Freese with the Angels
|Pittsburgh Pirates – No. 23|
|Third baseman / First baseman|
April 28, 1983 |
Corpus Christi, Texas
|April 6, 2009, for the St. Louis Cardinals|
(through April 21, 2017)
|Runs batted in||410|
|Career highlights and awards|
David Richard Freese (born April 28, 1983) is an American professional baseball third baseman for the Pittsburgh Pirates of Major League Baseball (MLB). He began his MLB career with the St. Louis Cardinals, where he was a key player during the 2011 postseason, batting .545 with 12 hits in the 2011 National League Championship Series (NLCS). He also set an MLB postseason record of 21 runs batted in (RBIs), earning the NLCS MVP Award and World Series MVP Award. In addition, Freese won the Babe Ruth Award, naming him the MVP of the 2011 MLB postseason.
A star high school player, Freese declined a college baseball scholarship from the University of Missouri. Needing a break from baseball, he sat out his freshman year of college before feeling a renewed urge to play the game. He transferred to St. Louis Community College–Meramec, a junior college, where he played for one season before transferring to the University of South Alabama. The San Diego Padres selected Freese in the ninth round of the 2006 MLB draft.
The Cardinals acquired Freese before the 2008 season. He made his MLB debut on Opening Day 2009 due to an injury to starting third baseman Troy Glaus. Despite suffering his own injuries in the minor leagues and in his first two MLB seasons, Freese batted .297 with 10 home runs and 55 RBIs during the Cardinals' 2011 World Series championship season. The next season, he batted .293 with 20 home runs and was selected to his first MLB All-Star Game. Freese authored a 20-game hitting streak in 2013, but back injuries limited his effectiveness, and the Cardinals traded him to the Angels following the season. He played for the Angels for two seasons before signing with the Pirates in March 2016.
Born in Corpus Christi, Texas, Freese was raised in the Greater St. Louis area, in Wildwood, Missouri. He grew up a fan of the St. Louis Cardinals. He graduated in 2001 from Lafayette High School in Wildwood. Freese recorded a Lafayette-record .533 batting average and 23 home runs during his senior season. He was considered to be the best shortstop in the state.
As a senior in high school, Freese was offered a scholarship to play college baseball for the University of Missouri's baseball team. Feeling burned out, Freese decided to quit the sport, but he studied computer science at Missouri and was a member of the Sigma Alpha Epsilon fraternity.
During the summer after his freshman year, Freese worked for the Rockwood School District maintenance department. When he visited Lafayette High School towards the end of the summer, he realized how much he missed baseball. Freese asked Tony Dattoli, the coach at St. Louis Community College–Meramec, for a roster spot. In one season at St. Louis Community College, Freese hit .396 with 41 runs batted in (RBIs) and 10 home runs and was named to the National Junior College Athletic Association All-America second team.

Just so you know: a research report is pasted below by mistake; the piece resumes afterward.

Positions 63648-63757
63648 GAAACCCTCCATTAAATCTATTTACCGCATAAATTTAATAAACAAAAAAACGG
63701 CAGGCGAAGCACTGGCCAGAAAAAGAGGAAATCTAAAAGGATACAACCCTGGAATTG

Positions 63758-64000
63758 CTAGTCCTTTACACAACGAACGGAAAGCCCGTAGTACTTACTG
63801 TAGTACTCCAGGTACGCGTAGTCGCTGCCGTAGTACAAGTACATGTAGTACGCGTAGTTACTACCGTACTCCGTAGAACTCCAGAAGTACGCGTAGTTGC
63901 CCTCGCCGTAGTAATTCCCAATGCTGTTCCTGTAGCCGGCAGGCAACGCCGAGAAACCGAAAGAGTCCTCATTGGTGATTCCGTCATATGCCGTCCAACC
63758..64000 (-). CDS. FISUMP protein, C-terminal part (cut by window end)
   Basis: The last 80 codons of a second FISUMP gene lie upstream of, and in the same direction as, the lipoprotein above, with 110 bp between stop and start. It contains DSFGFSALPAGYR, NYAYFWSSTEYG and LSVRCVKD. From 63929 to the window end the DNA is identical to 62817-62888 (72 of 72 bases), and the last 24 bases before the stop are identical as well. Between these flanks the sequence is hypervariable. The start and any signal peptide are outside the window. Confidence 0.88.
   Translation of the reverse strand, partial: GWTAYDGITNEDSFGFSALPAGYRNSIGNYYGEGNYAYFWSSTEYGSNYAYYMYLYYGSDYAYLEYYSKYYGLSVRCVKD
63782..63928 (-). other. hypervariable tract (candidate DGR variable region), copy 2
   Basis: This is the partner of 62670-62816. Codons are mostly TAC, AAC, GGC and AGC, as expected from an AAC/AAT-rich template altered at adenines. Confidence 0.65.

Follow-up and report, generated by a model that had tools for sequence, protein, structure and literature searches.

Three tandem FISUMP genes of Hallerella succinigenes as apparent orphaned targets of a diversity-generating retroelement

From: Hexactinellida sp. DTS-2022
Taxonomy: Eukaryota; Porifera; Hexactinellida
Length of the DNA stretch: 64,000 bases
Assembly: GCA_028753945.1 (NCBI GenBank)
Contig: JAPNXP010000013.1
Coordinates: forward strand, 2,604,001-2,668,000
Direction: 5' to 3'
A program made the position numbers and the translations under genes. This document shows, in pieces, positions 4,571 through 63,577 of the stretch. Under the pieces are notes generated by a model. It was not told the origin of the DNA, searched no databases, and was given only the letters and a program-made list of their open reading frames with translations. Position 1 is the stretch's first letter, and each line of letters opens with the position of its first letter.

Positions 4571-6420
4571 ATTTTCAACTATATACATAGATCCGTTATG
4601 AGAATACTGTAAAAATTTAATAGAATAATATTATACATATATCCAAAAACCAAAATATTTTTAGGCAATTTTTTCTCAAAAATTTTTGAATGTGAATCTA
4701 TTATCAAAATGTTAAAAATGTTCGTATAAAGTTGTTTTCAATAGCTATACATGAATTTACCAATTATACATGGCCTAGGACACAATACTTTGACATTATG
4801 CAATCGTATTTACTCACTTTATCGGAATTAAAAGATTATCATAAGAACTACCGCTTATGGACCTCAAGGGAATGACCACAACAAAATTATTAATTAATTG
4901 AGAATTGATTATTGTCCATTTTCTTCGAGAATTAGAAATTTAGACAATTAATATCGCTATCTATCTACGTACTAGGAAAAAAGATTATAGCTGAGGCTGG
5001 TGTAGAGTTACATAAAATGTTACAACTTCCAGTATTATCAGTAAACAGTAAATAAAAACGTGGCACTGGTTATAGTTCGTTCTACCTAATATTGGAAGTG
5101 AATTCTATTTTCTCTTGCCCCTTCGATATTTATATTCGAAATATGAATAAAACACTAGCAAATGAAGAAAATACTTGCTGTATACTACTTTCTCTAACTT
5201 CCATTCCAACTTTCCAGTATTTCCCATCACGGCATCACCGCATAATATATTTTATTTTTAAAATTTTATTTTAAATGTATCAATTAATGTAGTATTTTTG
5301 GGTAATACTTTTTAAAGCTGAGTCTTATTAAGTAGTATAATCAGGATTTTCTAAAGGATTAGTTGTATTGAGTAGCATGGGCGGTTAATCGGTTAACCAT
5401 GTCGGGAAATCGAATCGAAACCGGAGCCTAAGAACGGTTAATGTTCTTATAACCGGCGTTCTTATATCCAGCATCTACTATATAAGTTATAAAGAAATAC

Dattoli recommended Freese to Steve Kittrell, the head coach of the Jaguars baseball team at the University of South Alabama. At South Alabama, opposing teams respected his hitting ability; scouts told their pitchers: "Don't let Freese beat us." As a junior in 2005, Freese hit .373, with a .443 on-base percentage (OBP), .525 slugging percentage (SLG), and 52 runs scored in 56 games. He was seventh in the Sun Belt Conference (SBC) in average and led the school one year after Adam Lind had done so. Freese was even better in 2006, hitting .414 with a .503 OBP and .661 SLG with 73 runs and 73 RBIs in 60 games. He won the SBC batting title and led the conference in RBIs. He tied for ninth in Division I in RBIs, was 12th in average and just missed the top 10 in runs scored. He made the All-Conference team at third base and was named SBC Player of the Year. He was named an American Baseball Coaches Association All-American as the top third baseman in NCAA Division I, ahead of Evan Longoria and Pedro Alvarez, among others. Kittrell considers Freese to be the best player he coached at South Alabama, where he also coached Lind, Luis Gonzalez, and Juan Pierre.
Prior to the 2006 Major League Baseball draft, the Boston Red Sox attempted to sign Freese as a free agent for $90,000. However, South Alabama made the College World Series regional playoffs, which extended their season past the pre-draft signing deadline.
The San Diego Padres selected Freese in the ninth round (273rd overall) of the draft. Freese signed with the Padres and played for the Eugene Emeralds of the Class-A Short Season Northwest League, Fort Wayne Wizards of the Class-A Midwest League, and Lake Elsinore Storm of the Class-A Advanced California League in the San Diego farm system in 2006 and 2007. He batted .379 with a .465 OBP, .776 SLG, 19 runs and 26 RBIs in 18 games for the Emeralds and .299 with a .374 OBP, .510 SLG and 44 RBIs in 53 games for the Wizards in 2006. Freese batted .302 with a .400 OBP and .489 SLG for Lake Elsinore in 128 games during the 2007 season. He scored 104 runs and drove in 96. He ranked seventh in the California League in OBP, seventh in RBIs and tied with Tony Granadillo for third in runs. He made the California League All-Star team. However, the Padres had third basemen Chase Headley and Kevin Kouzmanoff as well, potentially blocking Freese's path to the majors. As a result, Freese began to practice as a catcher.